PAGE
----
Limitations of Agile Software DevelopmentBruno Collet, MBA, Independent Project Manager & Auditor 2www.brunocollet.com
1. A team of stars
Agile has been designed by experienced, smart, and high-achieving people. A friendwisely pointed out to me recently that they naturally designed agile for people just likethem: stars. Not everybody's a Martin Fowler, a Ron Jeffries, or a Jeff Sutherland. Youcould have given them any project, with waterfall method or even no method at all, andthey would probably have succeeded. Indeed, not every group can be motivated,experienced, and skilled enough to self-organize into an efficient team, come up withlightweight processes, and collaborate seamlessly to achieve that great agile teamwork.Take average individuals in you workplace and imagine what would be the outcome ifyou trusted them to self-organize and to choose the best way (at micro-level) to reachthe desired result, without any close supervision. You might be quite disappointed. I'mnot saying that individuals are not qualified, I simply emphasize that it takes more thanthe average Joe to achieve agility.Does your team have the agile potential?Do
have the agile potential?Do you have the raw individuals to form an agile team in your organization?Be honest.If you answered "no" to some of these questions, it doesn't mean that you cannotbecome agile. It means that there might be some intermediate steps to take beforegetting there. In my opinion, these steps typically involve adapting the work culture byprogressively empowering teams and individuals, training, and hiring the right people.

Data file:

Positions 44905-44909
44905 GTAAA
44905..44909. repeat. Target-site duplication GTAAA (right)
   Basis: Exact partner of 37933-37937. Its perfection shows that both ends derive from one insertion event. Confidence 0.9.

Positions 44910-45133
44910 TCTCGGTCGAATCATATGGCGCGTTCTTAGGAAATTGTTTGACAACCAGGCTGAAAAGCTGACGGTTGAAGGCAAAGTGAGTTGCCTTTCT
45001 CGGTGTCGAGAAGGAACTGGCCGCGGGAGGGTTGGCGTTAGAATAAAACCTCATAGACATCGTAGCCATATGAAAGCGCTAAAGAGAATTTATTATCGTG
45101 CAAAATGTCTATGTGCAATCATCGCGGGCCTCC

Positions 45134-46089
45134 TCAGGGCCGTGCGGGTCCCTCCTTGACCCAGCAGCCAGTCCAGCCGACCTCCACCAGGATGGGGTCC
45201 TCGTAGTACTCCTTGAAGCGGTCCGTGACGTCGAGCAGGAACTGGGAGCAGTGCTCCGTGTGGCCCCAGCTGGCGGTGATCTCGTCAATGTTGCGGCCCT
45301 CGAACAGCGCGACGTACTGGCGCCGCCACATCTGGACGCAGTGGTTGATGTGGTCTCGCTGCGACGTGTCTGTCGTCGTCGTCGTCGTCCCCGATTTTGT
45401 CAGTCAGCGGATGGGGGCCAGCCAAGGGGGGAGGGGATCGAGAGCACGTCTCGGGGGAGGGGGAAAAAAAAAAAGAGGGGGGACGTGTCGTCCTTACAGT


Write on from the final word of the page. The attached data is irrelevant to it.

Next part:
2. Fit with organizational culture
I have worked with several different organizations. In one of them, directors can be 30years old with blue hair, job definitions were broad, and processes were definedindependently by each team. In another one, respecting the chain of command and jobresponsibility were keys to survival, and it took me a couple of days to go though thecompany's policy manual. This illustrates two diametrically opposed cultures. Which onedo you think is more suitable to implement an agile team?Enabling agile behavior requires a great dose of individual and team freedom. Ittranslates into cross-functional, constantly adapting work, and switching roles asneeded. It also entails adjusting processes continuously to reflect the current situation.More than anything, it means that
processes are secondary to people
.As you can imagine, companies that traditionally emphasize narrow responsibilities,policies, processes, and one-size-fits-all methodologies, are particularly at odds withagility. These characteristics form the organizational culture, which pervasivelyinfluences all work and behavior throughout the organization. Unfortunately manycompanies still apply these industrial-era principles. To make things worse, changing theculture might be the one most difficult thing to do for an organization (after all, the culture
the people who are part of the organization).